Restorative Practices and the Formation of Conscience and a “Justice Culture”

Jenny Zito
Jenny Zito, Executive Committee, Maryland Alliance for Justice Reform, and Co-Chair of MAJR’s Front Door Committee

Restorative Practices help children internalize the expectation that their community should be just and equitable along with the confidence that they have the skills to make this work.

“Restorative questioning involves open-ended questions to help individuals process an incident and reach a solution. For example, a teacher may ask students: What happened? Who has been affected by the actions? What do you think needs to happen to make things right? This practice supports the integration of student voice into disciplinary problem-solving.”
– Easton Raye Gaines, Restorative Practices and Student Well-Being in Urban Schools

The opportunity to have a voice in understanding and resolving problems can then be internalized inside of the child so that they feel they understand how conflicts arise, have responsibility to behave well, and have confidence in their own abilities to move forward constructively. This combines conscience formation with a proactive and positive spirit of involvement in the community.

The following is one illustration of how I think about restorative practices playing out in real life.

Imagine a high school student (let’s call him Gene) steals a phone from a fellow student (Beth). This is a serious offense…easily involving hundreds of dollars these days and, thus, must carry consequences. An all too frequent reaction in many schools would involve punitive actions like suspension, if not an arrest.

But this high school is a Restorative School. They know that suspension (even more so arrest) is frequently the first step toward being permanently ensnared in the criminal justice system with devastating consequences for both the student and society in the future. Instead, the teacher who discovers that the student stole the phone has a stern conversation with Gene, making it clear his action is wholly unacceptable, but that there are alternatives to suspension or arrest. The teacher also discusses the situation with Beth, who agrees to sit down with the teacher and one of the school’s administrators as well as Gene and try to find a satisfactory way forward. The teacher involves the administrator because of the seriousness of the offense.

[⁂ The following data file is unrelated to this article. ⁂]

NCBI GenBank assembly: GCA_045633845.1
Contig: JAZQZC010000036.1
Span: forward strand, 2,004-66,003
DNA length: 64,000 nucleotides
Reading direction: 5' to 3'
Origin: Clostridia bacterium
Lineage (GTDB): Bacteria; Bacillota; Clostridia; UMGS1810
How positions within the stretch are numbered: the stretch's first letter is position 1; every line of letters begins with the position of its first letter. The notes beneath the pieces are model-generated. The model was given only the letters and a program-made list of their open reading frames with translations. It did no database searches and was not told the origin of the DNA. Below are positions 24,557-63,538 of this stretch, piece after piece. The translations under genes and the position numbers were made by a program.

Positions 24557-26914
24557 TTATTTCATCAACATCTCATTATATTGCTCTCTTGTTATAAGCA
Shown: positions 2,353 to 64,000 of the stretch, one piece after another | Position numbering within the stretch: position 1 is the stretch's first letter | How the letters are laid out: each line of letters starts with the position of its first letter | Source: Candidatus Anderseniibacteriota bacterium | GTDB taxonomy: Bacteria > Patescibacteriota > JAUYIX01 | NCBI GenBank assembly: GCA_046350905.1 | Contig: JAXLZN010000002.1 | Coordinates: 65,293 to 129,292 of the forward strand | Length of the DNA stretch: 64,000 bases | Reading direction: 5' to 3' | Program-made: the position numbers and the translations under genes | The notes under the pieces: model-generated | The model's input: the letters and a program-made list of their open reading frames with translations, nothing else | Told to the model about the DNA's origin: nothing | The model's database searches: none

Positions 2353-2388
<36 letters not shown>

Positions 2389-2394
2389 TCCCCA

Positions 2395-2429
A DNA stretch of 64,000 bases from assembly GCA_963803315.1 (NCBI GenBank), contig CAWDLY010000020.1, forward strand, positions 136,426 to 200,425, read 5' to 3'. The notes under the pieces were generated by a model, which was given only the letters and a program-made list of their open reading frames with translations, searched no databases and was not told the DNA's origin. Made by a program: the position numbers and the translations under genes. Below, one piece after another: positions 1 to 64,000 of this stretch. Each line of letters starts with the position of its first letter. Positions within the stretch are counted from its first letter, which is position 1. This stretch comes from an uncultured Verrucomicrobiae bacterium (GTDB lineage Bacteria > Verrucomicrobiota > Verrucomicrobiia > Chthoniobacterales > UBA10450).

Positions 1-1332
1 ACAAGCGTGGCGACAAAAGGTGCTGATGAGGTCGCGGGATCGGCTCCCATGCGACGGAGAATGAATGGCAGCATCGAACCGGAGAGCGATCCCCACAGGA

Gene’s and Beth’s parents are informed of the events, but agree to not being invited to participate in the first meeting with the students, because they agree, as high school students, that it is appropriate for Gene and Beth, under the guidance of the school staff, to deal with the situation personally in the first instance. They are also told they will be invited to a second “Circle” meeting to debrief.

The “Circle” meeting occurs and it centers around the three core restorative practice questions: what happened?; how did it impact you?; and what needs to happen to move forward? A note: part of the backdrop to the conversation is that both Gene and Beth know circles are routinely used in their classes and in resolving conflicts. They have even heard about circles being used when there is conflict between staff members and between teachers and administrators in their school. In middle school, they remember that every Friday, all the sixth, seventh and eighth graders gathered with the objective being to build the middle school community. One of the activities in those sessions was the opportunity for students and teachers alike to rise to thank another student or teacher for something specific and then, again, the opportunity for students and teachers alike to rise to apologize to somebody for some action. So the idea of the Circle was not a new one.